Like many Mondays this school year, I found myself in Isabelle’s classroom yesterday morning. And like many Mondays I’ve volunteered in Isabelle’s classroom, I talked to Isabelle yesterday morning about what she was planning to write in her journal. She came up with a story idea (i.e., visiting someone’s sukkah a few months ago), but that was it. I told her that stories have to have a beginning, a middle, and an end. Then, I demonstrated by telling her a story, across my fingers, that had a beginning a middle, and an end. Afterwards, we practiced her story (about 10 times!) until she felt confident enough to do it on her own at school.
I did a minilesson during her class’s circle for the past two weeks. I used this chart in my minilesson:
Isabelle did not request to come to the writing center first yesterday. About halfway through center time, she joined me at the table. There was another girl there who was actually writing words independently. She was curious about her classmates letters on the page, but also seemed frustrated she couldn’t write her own wordsI can’t write words!” she told me before starting the drawing for the story we discussed in the morning.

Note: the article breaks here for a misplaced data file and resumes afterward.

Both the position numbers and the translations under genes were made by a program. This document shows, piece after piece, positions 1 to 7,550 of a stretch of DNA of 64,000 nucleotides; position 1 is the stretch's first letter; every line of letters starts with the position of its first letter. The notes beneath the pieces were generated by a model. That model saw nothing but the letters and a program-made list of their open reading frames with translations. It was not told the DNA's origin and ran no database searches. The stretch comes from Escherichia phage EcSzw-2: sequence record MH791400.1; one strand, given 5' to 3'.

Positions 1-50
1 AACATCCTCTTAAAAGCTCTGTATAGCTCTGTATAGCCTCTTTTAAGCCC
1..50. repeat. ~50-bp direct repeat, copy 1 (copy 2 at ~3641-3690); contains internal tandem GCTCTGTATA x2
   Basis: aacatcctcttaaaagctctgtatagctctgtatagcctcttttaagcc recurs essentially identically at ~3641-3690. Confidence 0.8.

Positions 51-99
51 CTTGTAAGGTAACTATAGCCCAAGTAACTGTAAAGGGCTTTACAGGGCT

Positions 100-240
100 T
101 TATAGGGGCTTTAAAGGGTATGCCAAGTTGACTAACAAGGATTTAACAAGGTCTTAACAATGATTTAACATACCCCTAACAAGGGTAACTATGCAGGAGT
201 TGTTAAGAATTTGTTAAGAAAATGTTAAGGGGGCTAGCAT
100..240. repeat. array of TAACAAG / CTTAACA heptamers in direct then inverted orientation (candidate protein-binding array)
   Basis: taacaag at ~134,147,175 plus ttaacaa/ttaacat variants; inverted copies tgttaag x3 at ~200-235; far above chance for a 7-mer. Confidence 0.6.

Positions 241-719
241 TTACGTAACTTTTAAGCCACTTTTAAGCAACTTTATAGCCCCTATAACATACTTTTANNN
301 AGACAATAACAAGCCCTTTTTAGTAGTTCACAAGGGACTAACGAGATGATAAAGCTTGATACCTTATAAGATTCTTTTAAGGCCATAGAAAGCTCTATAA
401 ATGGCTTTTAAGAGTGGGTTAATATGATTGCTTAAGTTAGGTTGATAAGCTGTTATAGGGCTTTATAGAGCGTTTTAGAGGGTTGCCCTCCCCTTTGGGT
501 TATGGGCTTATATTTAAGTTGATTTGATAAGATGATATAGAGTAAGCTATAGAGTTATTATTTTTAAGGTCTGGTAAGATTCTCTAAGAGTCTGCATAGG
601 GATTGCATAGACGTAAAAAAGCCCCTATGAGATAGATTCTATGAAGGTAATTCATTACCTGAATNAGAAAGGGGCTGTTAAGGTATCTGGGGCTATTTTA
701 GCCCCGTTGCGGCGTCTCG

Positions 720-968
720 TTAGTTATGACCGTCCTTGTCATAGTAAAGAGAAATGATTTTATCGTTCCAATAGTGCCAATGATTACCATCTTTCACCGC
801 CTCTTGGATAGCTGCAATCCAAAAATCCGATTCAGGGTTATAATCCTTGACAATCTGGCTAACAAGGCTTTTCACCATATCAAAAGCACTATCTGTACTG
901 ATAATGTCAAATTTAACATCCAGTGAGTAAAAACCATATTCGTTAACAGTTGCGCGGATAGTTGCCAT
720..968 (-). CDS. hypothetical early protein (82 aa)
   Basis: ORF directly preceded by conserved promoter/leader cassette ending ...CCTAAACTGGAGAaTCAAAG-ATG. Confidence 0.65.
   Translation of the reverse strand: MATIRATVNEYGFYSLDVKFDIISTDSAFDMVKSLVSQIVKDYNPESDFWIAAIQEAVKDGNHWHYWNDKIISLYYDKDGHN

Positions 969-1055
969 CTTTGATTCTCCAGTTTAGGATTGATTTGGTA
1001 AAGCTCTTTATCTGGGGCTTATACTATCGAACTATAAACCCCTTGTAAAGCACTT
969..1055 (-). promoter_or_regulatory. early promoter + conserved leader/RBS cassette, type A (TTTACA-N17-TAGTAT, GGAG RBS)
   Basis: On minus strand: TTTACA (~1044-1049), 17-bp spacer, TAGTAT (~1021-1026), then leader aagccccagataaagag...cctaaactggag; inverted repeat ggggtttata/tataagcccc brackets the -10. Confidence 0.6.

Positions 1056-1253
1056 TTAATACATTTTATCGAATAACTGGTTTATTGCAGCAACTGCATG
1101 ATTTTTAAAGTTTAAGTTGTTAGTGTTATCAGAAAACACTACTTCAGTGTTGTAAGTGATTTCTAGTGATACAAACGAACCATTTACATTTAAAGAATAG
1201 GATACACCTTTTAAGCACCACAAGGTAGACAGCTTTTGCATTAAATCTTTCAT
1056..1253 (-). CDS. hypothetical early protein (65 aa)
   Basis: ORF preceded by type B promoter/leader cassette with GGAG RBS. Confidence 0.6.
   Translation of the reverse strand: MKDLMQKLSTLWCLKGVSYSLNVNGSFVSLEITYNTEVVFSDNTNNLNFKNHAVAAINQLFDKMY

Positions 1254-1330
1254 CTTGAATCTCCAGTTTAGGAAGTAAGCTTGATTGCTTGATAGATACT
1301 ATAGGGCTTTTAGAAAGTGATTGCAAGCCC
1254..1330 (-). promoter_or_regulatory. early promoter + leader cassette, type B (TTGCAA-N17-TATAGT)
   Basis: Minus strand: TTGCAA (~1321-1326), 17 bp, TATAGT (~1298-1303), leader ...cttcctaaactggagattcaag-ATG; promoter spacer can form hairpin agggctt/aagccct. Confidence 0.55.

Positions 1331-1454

“I can’t write words!” she told me before starting the drawing for the story we discussed in the morning.
“Tell me, ‘I can’t write words yet.'” I retorted.
“I can’t write words, Mommy!”
“You will learn how to, Isabelle. That’s the next step. Today you’re adding words by telling me the story and then I will write them for you. I want you to say ‘I can’t write words yet.'” (There’s nothing like shoving a growth mindset down your kid’s throat, right?)
She complied. “I can’t write words yet.” Then she opened her marker and started drawing.
Once her drawing was complete, I labeled it with small sticky notes. Then, I made an audio recording of her on my phone.
This version wasn’t quite as detailed as the one she recited at home in the morning, but I was delighted by it. (Especially because she used the word finally in her story to signify the last thing she did.) I also reminded her, after I finished writing her words on the sticky note, that she was a good writer because she went through the writing process by thinking (and talking about her story), drawing it, and having someone add the words.